The best part of an election campaign happens at your door when I can listen to your suggestions and concerns. As well as your specific City service or policy issues, I learn about your interests and values which guide me at budget planning time to determine how our taxes should be allocated to different business units – from parks and roads to social services. Your input is also an important guide for me in making decisions about unanticipated opportunities and issues.
In 2013, my team and I knocked on over 30,000 doors in the Ward and I will try to meet as many of you again this year – socially distancing of course!
As a pragmatist, I believe many decisions, particularly about local matters, benefit from determining a practical result, supported by data driven evidence. For example, for much of our infrastructure, we simply need to have the repairs and maintenance performed as efficiently as possible.
As a moderate, I have rarely seen the advantage of ideologically driven solutions, be they from the left or right end of the spectrum. The solution is often in the middle with positive elements drawn from both camps.
It would be appropriate to consider our commitments to the key priorities – do we need more or less of the currently provided services, or different new services? To start with the big budget items, from my experience community safety has often been ranked as the top concern in Ward 6. Your specific areas of concern include opportunistic crimes (car prowling and break and enters), to drugs (consumption and illegal distribution), to pedestrian safety and graffiti.
The top two City expense items are for Police (~$500 million) and Fire (~$300 million) services. Other significant expenses include transit, roads, parks, and water which are included in the total annual City expenses of ~$3.8 billion.
Are there current municipal services which should be considered for a different level of City investment?
For example, will transit ridership return to pre-pandemic levels? How do we budget for reduced passenger volumes while acknowledging that commuters and students will still require transit service? Will new technologies for providing ride service be a part of the solution? Early pilot projects are promising!
Another significant discussion will be how the City should address the $18 billion erosion of our downtown building tax base and determine the fairest balance of residential to non-residential tax burden.
Cooperation with the Government of Alberta will likely be required to enable Provincial assessment regulation amendments to accommodate flexibility in creating new non-residential sub-classes. I encourage everyone to review the City Annual Reports at Calgary.ca (enter 'Annual Reports') to gain insights into the challenges and possible solutions. An important budget and policy consideration will be how we balance the need to support our world ranking city standard of living. I strongly support maintaining our quality of life – with a very limited interest for property tax increases.
There is another dimension to featuring our high quality of life, beyond the daily appreciation we have for enjoying a great place to live and work.
Calgary competes with perhaps as many as 1,000 jurisdictions in the world for talent and investment. Our enviable quality of life is a powerful competitive advantage in business attraction.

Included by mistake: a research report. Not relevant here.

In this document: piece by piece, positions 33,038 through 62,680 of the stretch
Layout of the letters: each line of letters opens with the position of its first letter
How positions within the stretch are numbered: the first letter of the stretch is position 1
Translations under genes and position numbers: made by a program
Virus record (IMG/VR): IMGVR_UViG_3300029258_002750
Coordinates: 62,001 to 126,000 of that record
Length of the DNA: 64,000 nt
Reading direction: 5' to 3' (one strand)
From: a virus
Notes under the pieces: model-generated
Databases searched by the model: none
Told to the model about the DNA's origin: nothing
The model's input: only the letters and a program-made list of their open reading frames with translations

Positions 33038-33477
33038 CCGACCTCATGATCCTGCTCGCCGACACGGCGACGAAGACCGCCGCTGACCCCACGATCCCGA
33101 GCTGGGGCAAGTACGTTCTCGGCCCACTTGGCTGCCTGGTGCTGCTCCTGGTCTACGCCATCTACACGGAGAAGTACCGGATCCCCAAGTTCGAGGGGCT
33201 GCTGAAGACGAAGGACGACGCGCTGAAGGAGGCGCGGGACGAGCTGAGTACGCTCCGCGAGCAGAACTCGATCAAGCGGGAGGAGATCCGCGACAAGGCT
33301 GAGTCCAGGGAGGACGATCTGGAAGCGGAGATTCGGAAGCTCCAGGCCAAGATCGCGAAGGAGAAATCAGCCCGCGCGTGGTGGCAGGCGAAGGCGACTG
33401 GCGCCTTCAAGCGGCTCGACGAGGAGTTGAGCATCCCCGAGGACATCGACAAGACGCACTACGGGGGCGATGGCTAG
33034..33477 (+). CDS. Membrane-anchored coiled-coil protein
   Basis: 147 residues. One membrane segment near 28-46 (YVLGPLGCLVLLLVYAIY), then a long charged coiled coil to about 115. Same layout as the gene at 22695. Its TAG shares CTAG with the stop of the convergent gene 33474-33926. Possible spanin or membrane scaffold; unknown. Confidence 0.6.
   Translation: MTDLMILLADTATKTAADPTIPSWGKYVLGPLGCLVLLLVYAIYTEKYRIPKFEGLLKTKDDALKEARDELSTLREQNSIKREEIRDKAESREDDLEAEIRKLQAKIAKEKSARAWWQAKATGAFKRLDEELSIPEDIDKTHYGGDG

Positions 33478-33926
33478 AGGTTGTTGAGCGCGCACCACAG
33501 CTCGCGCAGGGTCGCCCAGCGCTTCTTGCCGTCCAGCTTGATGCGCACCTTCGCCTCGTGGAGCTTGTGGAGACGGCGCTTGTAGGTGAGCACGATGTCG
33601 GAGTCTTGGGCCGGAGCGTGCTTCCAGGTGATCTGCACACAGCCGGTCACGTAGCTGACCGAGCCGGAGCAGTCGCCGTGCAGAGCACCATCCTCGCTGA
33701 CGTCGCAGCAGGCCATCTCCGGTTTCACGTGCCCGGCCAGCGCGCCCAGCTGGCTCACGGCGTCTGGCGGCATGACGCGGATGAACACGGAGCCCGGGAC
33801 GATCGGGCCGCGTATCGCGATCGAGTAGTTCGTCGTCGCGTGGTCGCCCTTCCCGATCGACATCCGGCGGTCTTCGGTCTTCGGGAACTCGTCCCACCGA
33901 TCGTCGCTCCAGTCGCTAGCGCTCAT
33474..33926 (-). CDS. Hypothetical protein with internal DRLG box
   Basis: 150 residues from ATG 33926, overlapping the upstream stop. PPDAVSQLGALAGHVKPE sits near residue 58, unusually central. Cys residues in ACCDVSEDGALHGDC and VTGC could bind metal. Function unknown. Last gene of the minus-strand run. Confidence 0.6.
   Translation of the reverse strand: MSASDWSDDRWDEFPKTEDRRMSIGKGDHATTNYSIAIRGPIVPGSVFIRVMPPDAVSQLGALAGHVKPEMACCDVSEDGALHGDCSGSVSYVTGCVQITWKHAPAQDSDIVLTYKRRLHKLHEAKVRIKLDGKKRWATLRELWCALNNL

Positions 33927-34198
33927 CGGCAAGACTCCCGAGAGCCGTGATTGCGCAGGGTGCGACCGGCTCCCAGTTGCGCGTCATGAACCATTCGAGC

It's about people, everybody - all of us.
An important element in providing an inclusive, resilient, accessible, diverse and sustainable City will be to foster economic growth and jobs.
These aspirational goals are interdependent drivers that are also important for our economy to be successful and reach its full potential. Furthermore, I know from firsthand economic development experience that the high quality economic opportunities we seek from investors that attract talent and resources are also increasingly drawn to cities that share these values.
My past community leadership and support of organizations such as the Calgary Immigrant Aid Society (now Immigrant services), the Canadian Centre for Adult Male Survivors of Child Sexual Abuse (CC4MS) and currently work with the Famous 5 Foundation demonstrates that I am dedicated to creating opportunities to thrive for all of us.
During the 2013 election we heard your thoughts about fluoride. I estimate that about two thirds of those we met were in favour of fluoride, based on the science.
Prior to the outset of this latest fluoridation campaign, I worked with the Calgary Medical Health Officer, Calgarians for Kids’ Health, the Alberta Dental Association and College, and the Cumming School of Medicine at University of Calgary to fight for restoring additional fluoride in our water.
The science confirming the safety of fluoride is clear.
With the removal of fluoride, our disadvantaged children are suffering from rotting teeth and horrible health consequences, some of which may endure their entire lifetimes. Seniors are also experiencing more decay than ever before. These are not only human tragedies but a significant and needless drain on the resources of families and our health care system.
To date (early summer) you have told us that the following issues should be addressed:
Creating the conditions for robust economic growth and new jobs
Maintaining public safety as a top priority
Ensuring vulnerable Calgarians have access to services
Finding City efficiencies with tools including use of internal audits and financial controls
Enhancing community life by improving traffic flow with infrastructure investments